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Proceedings Paper

Inverting waveforms for velocities in the presence of caustics
Author(s): William Woodbury Symes
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Paper Abstract

Transmission caustics cause velocity estimation techniques based on straightforward analysis of image volume moveout to fail. For example, the differential semblance objective function is smooth and quasi-convex when the incident wavefield is free of caustics, but loses these properties when caustics are present. The reason for this phenomenon is closely related to that identified by Geoltrain and Brac for the inadequacy of Kirchhoff migration based on first arrival times for complex velocity structure. controlled illumination of the subsurface, introduced by Rietvold and Berkhout to improve imaging, given an adequate macromodel, also suggests a new approach to image volume moveout analysis for macromodel estimation. In particular, the differential semblance objective function again becomes, through controlled illumination, a smooth quasi-convex function of the macromodel, hence suitable for optimization using variants of Newton's method. The transmission inversion problem provides a simple framework within which to illustrate the controlled illumination reformulation of differential semblance and its effectiveness.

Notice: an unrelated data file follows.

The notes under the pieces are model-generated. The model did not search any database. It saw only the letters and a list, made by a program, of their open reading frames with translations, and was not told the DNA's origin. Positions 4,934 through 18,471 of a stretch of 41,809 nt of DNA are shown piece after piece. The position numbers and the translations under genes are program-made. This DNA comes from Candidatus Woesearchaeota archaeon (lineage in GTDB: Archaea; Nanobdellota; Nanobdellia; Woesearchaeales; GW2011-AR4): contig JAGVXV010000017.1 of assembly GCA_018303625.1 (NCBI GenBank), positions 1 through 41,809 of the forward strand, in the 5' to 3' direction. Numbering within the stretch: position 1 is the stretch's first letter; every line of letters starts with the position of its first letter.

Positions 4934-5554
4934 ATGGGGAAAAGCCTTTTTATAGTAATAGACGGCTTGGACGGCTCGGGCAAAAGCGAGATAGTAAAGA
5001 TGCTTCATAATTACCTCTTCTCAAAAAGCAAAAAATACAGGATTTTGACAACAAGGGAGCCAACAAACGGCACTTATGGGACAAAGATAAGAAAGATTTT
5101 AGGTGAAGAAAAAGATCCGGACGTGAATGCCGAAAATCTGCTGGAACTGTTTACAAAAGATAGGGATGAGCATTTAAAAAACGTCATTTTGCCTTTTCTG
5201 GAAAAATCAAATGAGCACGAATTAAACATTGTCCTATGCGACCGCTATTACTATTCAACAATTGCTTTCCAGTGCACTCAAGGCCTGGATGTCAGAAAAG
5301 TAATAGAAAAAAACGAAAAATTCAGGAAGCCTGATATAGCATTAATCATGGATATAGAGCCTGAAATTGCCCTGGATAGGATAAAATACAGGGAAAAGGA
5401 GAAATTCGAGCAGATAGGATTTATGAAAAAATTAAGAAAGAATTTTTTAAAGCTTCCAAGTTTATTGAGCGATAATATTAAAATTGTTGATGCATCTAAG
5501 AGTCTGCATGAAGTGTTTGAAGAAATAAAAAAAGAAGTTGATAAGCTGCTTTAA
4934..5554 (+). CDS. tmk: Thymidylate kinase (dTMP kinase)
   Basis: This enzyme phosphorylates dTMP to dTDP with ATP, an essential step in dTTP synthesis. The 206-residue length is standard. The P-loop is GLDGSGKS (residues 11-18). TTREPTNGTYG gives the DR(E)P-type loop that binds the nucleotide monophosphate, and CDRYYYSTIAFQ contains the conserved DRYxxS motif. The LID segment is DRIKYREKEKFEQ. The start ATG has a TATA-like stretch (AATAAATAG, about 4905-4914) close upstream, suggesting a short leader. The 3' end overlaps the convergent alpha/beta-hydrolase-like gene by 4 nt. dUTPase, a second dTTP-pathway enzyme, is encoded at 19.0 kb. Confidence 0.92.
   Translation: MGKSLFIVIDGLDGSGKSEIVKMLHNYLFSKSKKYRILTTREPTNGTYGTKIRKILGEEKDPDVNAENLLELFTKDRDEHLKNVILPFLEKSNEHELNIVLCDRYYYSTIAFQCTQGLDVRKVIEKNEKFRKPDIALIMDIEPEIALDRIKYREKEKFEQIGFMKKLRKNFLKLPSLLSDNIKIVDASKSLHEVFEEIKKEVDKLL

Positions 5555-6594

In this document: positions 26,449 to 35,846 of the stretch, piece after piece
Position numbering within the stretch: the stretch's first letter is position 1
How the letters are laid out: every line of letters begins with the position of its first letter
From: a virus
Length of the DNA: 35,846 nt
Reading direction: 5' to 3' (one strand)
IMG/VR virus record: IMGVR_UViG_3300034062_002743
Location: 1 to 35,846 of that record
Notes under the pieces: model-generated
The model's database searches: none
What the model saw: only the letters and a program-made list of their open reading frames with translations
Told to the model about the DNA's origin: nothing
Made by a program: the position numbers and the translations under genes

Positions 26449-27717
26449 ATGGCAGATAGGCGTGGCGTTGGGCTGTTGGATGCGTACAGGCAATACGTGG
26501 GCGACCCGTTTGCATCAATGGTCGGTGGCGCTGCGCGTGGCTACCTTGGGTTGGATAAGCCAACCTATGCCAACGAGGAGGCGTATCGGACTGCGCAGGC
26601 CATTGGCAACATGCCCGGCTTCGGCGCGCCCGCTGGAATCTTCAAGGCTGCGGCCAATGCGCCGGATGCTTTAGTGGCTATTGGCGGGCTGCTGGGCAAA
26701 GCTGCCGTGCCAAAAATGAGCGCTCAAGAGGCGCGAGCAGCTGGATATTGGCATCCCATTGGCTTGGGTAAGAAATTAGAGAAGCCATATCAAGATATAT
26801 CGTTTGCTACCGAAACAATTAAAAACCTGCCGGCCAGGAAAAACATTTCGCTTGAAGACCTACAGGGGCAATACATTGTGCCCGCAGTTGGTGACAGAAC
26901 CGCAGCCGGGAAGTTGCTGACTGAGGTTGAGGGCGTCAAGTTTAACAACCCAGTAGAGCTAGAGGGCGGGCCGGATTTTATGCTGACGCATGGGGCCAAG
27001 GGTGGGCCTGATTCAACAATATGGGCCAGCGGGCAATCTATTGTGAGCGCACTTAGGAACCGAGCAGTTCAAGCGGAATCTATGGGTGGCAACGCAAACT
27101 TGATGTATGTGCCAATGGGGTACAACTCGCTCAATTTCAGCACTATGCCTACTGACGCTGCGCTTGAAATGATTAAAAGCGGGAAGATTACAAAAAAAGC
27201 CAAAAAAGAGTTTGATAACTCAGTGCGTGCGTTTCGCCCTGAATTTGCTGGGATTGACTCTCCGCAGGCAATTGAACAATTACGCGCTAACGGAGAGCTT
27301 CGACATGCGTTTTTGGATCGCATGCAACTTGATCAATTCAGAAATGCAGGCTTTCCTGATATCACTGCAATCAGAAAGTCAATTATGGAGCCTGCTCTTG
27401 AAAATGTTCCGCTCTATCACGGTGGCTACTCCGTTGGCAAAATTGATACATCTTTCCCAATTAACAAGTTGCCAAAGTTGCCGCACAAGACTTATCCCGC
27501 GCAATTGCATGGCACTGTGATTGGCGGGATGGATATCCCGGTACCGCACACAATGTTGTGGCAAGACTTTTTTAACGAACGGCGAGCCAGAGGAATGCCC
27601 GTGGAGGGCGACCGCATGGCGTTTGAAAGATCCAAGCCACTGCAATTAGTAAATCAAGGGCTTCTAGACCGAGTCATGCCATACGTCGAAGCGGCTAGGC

Paper Details

Date Published: 23 September 1994
PDF: 1 pages
Proc. SPIE 2301, Mathematical Methods in Geophysical Imaging II, (23 September 1994); doi: 10.1117/12.187492
Show Author Affiliations
William Woodbury Symes, Rice Univ. (United States)


Published in SPIE Proceedings Vol. 2301:
Mathematical Methods in Geophysical Imaging II
Siamak Hassanzadeh, Editor(s)

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